June 21, 2007

Skatebard - Marimba

Something like “Feed The Mood” after two decades of looped disintegration, or really any children’s toy on its last five or six seconds of battery life, “Marimba” pines for early Detroit through a fog of tired synths and last-legged drum machine clatter, and yes there are marimbas. I have to say this one took me a while, especially after the hardhitting Vuelo EP. “Marimba” is just so impressionistic, never really progressing toward an end, and you have to be in the right mood for that. That said I wouldn’t be surprised to see new faith in slo-mo disco give rise to more slo-mo techno like this, the wooze of 45-at-33 irresistible and hardly sarcastic when done proper. On the flip: “Pagans” is a simple minor arpeggio set to an equally simplistic rise-and-fall discobeat, with Metroid-like blasts of synth here and there but nothing truly moving until this wailing mechanical duet that recalls The Knife’s “The Captain.” I’m this close to editing that part out of the hodgepodge and leaving the rest.

Supersoul / SSREC 0056
[Nick Sylvester]

May 15, 2007

Water Lilly - Invisible Ink

What a relentless track: it’s like your head is being run through a sewing machine, the synths needling away at every frequency range while the midtempo kick thumps along obliviously. Beyond the rhythm, Water Lilly keeps the pitches at really tense intervals, uninterested in resolving them until she breaks into the main riff, which is a lonely bit you might have expected on the last Knife album. If it went longer than 7:25 I’d say enough already, but that’s exactly where it stops, an etude in tension/release.

Arnaud Rebotini’s Black Strobe Mix on the flip is, as you’d expect, a harder, darker, “slamming” take on the original, something that’d fit perfectly into electroclash sets and current distorted-to-death bloghouse outings. It’s also the first time you’ll be able to make out the vocals from the original - “Except for me, what else do you want?” - which are presented here as a centerpiece, something of a meta-thesis for the rest of the mix. Rebotini bests the original when he moves into a sub-bass acid freakout towards the middle, and never lets up.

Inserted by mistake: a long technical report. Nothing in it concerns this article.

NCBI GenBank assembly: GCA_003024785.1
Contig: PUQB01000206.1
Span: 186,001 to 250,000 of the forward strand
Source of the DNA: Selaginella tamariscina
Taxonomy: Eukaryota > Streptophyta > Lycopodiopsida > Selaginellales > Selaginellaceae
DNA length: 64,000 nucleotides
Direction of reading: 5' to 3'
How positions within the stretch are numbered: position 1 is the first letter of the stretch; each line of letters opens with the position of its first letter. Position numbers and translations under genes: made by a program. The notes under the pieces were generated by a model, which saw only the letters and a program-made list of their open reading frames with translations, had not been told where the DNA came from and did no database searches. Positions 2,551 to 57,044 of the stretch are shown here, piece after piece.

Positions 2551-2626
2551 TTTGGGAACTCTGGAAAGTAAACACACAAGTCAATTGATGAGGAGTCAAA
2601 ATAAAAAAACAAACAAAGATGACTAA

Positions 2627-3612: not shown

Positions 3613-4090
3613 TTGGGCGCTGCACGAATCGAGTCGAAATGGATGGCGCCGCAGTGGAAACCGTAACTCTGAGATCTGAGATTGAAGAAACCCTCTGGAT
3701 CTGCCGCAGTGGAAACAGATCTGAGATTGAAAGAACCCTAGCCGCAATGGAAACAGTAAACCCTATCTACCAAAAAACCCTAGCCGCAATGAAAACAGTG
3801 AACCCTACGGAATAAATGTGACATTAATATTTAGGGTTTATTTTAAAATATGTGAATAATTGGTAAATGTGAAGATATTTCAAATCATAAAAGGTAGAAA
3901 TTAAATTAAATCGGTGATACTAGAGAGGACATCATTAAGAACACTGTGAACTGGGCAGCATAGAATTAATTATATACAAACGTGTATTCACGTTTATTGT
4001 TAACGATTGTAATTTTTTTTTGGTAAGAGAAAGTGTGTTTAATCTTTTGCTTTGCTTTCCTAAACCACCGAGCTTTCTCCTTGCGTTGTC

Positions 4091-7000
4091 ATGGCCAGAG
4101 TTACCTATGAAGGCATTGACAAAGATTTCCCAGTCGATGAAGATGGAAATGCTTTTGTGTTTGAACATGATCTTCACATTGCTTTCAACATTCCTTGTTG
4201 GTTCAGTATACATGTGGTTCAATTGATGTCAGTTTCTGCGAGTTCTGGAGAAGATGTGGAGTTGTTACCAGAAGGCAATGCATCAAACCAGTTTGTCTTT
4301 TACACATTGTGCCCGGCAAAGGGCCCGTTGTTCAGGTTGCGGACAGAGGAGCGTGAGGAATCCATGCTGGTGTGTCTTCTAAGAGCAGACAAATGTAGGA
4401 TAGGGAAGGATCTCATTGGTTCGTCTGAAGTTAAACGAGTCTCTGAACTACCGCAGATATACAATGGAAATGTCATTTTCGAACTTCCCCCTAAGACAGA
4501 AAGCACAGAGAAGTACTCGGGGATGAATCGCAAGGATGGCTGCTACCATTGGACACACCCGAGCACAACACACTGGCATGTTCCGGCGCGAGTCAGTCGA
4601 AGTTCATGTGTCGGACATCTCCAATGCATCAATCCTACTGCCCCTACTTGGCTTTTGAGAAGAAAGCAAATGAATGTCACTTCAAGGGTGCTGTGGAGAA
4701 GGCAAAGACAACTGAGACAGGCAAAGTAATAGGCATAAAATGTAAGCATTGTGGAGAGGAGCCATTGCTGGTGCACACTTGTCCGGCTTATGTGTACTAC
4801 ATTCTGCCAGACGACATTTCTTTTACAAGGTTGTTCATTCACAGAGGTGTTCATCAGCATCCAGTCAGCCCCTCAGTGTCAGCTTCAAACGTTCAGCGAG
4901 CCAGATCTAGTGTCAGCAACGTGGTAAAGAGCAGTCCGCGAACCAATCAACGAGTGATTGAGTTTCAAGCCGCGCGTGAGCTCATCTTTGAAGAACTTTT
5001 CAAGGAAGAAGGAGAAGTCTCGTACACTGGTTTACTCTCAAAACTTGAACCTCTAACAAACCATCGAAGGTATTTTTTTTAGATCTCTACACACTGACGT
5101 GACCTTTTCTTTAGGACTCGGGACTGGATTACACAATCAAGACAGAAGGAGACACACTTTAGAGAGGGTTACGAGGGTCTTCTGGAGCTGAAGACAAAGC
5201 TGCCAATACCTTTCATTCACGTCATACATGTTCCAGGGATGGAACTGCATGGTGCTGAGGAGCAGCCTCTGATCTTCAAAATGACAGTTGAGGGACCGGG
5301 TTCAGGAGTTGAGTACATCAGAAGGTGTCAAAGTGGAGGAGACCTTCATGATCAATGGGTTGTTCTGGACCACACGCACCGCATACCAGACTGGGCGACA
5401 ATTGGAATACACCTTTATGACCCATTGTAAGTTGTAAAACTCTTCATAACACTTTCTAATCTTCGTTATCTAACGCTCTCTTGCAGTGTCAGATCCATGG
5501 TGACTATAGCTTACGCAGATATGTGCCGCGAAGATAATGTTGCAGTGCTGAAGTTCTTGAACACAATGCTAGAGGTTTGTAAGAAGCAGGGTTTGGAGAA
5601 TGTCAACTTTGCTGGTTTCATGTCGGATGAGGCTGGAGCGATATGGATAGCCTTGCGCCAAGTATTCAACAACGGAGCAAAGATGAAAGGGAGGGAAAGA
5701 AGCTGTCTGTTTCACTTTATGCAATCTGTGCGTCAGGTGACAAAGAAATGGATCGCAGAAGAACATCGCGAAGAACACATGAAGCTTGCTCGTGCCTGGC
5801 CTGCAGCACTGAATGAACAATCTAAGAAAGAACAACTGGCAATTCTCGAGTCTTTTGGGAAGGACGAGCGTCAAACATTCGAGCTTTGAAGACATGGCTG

Mental Groove Records / MG 057
[Nick Sylvester]

May 14, 2007

Battles - Atlas

Perhaps the greatest irony of all was indeed that Alanis song in its praise was not ironic. An arguably lesser but still significant irony is that math rock, as a genre, a sound, a stance dedicated to remorseless intensity and rhythmic, timbral, and harmonic experimentation, has become, twelve years later, one of the most conservative and unchanging of all musical scenes (which of course they would disavow being on both counts). In a parallel to the drumnbass scene, perhaps anything with such a particular sound and intensity is bound to attract two groups of people: those keen for the new, and those mad for the sound. Where the former engorge themselves on the signifiers and grow full and tired before sleeping it off and moving on, the latter seem to have an almost inexhaustible desire for that sound and nothing but that soundforever.

So I suggested to two (still) math-rocking friends that Battles’ new single marked an exciting new direction for a genre that had gone from being merely stagnant to somehow embodying the very essence of stagnation. But they both hate Battles, ever since they “turned electronic”. Nothing, apparently, will ever equal the heights of Don Caballero. To them, What Burns Never Returns is not a title but the site of worship, of mourning and of an unquenchable repetition-compulsion.